(I don't have answers right now.)

In the end, Bill Nye couldn't come anyway, but Kriz and Popejoy present survey results that say that the students' feelings towards science had greatly improved over the course of the semester and through this project. Particularly students' personal feelings about science improved, and their gender associations towards science improved. Unfortuately, the paper does not present data as to whether the students learned more than in classes without this activity. (I could launch into a diatribe about why university level classroom research is really difficult because of the innate structure of the university itself, but I won't.) This is unfortunate, but typical (hell, I've done it too), of these types of papers. It's largely a result of scientists not knowing much about assessment and experimental design. So, we're left to try it on our own.

Things to take from the paper:

1. Try crazy things in your classroom sometimes. Plain lecturing about chemistry (or physics or astronomy) hasn't taught many people much about these subjects in non-major classes anyway over the past 30 years, so you might as well try something different. (In Dr. Phil language, "How's that workin' for you?")

2. Hoagieboy thinks its a good idea to connect science with people. More students might learn more science when it's taught through the story of human interaction with ideas as opposed to formulas in a book. But don't go too touchy-feely.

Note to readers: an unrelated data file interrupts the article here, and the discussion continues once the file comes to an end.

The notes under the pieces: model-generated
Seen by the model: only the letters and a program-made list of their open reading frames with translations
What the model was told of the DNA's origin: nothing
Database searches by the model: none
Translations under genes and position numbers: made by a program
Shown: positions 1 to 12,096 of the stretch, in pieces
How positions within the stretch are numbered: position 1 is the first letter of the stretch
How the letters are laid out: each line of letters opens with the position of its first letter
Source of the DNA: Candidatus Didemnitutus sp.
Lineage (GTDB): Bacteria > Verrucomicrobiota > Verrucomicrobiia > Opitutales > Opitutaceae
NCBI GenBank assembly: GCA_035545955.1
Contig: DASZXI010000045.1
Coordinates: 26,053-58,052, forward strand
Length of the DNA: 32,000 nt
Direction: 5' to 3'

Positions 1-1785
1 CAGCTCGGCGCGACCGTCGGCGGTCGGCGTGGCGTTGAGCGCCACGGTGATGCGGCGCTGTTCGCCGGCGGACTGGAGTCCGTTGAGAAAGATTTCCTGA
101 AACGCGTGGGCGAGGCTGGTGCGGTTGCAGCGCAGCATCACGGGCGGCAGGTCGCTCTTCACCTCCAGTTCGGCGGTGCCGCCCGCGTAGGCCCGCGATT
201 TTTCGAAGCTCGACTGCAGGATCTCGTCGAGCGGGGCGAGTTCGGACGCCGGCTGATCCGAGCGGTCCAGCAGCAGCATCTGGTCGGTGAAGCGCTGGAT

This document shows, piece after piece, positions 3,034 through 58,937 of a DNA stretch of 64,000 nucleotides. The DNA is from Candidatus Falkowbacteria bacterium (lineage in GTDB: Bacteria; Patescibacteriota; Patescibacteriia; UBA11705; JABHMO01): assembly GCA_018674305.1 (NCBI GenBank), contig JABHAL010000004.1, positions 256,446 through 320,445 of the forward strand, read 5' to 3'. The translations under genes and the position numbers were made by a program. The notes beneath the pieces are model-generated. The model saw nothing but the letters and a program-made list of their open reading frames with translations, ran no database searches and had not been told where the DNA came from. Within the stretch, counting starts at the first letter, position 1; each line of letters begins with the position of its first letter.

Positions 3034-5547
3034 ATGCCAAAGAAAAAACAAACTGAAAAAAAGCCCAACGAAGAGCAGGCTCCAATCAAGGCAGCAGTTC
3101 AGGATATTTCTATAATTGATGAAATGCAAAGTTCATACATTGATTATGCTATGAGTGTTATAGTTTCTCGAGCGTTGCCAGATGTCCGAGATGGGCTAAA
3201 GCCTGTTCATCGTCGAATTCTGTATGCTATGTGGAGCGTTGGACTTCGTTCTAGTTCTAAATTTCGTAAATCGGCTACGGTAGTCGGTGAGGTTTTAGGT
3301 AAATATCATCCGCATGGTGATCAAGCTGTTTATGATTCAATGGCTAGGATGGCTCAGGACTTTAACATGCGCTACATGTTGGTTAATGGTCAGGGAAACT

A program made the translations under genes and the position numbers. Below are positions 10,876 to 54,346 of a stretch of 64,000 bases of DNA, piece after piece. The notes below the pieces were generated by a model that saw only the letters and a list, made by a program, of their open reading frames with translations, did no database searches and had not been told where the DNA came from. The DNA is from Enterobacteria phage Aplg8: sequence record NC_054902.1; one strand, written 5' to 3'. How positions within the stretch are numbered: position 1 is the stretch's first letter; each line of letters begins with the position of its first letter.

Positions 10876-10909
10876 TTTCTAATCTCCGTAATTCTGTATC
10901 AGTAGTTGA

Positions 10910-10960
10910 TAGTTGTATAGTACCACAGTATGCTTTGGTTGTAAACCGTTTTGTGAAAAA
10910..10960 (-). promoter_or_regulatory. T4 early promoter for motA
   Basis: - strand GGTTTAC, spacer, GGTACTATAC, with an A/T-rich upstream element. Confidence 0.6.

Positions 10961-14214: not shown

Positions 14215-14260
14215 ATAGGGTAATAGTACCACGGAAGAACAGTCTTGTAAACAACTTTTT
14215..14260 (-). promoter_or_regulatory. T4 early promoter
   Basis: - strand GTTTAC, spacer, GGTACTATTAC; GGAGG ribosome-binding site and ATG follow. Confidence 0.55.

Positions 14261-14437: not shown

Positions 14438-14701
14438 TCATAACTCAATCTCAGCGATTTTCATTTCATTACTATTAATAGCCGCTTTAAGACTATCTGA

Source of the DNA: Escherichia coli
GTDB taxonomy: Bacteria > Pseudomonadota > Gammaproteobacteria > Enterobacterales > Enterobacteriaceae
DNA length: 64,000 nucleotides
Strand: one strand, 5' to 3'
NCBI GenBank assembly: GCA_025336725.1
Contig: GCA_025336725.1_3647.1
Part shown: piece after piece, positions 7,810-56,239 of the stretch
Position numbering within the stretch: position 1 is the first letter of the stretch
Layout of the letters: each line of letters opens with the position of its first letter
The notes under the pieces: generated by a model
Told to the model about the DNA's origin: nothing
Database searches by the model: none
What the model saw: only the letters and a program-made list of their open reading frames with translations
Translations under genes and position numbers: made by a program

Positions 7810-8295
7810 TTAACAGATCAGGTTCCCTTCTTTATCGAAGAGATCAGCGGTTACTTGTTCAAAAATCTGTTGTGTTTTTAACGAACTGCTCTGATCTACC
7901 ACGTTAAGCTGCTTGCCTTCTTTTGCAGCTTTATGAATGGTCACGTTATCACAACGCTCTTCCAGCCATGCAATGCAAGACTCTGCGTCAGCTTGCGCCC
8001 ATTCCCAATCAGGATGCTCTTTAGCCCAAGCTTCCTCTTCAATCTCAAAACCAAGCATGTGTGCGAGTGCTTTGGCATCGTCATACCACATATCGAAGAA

3. How do we change our perceptions of science (or change science itself) such that when college students are given the task of and opportunity to interact with research scientists, they choose to do that? (Again, Bill Ney is great at what he does, but he isn't a research scientist.)

4. How do we make accessible the methods of education research to scientists, so that they can play around with their class and see if what they're doing is actually working?


At 6:47 PM, Blogger maki-girl said...

Good food for thought. Thanks hoagie boy. Could you give an example of what you mean by #2?

At 9:25 AM, Blogger hoagieboy said...

Ok, here's an example from personal experience. . .

A long time ago, I had told Mrs. H that my house growing up, got water from a well. Being a suburban girl, she didn't exactly know what that meant. I tried to explain to her, but apparently, she never really understood.

Recently, my parents were moving out of my childhood home. For some strange reason we were in the garage, and my Dad pointed out to Mrs. H where the pump room and the well were. She said she didn't know how that all worked, and he went into an explanation that included stories about how he had to pull the pipe out of the ground a few times, and how he had talked to the previous owners about the well, along with how a well actually works. Mrs. H was able to develop a good understanding about the well from that conversation, and it lead to a longer conversation about geology and aquifers on our ride home.

What caused her to learn about the well the second time? Certainly, she had visual cues and individual attention. But I think more importantly, was the fact that she could make a personal (somewhat emotional) connection to a person related to the concepts. She much more wanted to learn about wells when they involved a human story.

I think there's alot of people who would do better learning about Newton's Laws if they either learned something about Newton, or they learned something about someone who uses Newton's Laws (say an engineer who designs cars). I think we greatly undervalue the importance of human interaction in science education.


Post a Comment

Links to this post:

Create a Link

<< Home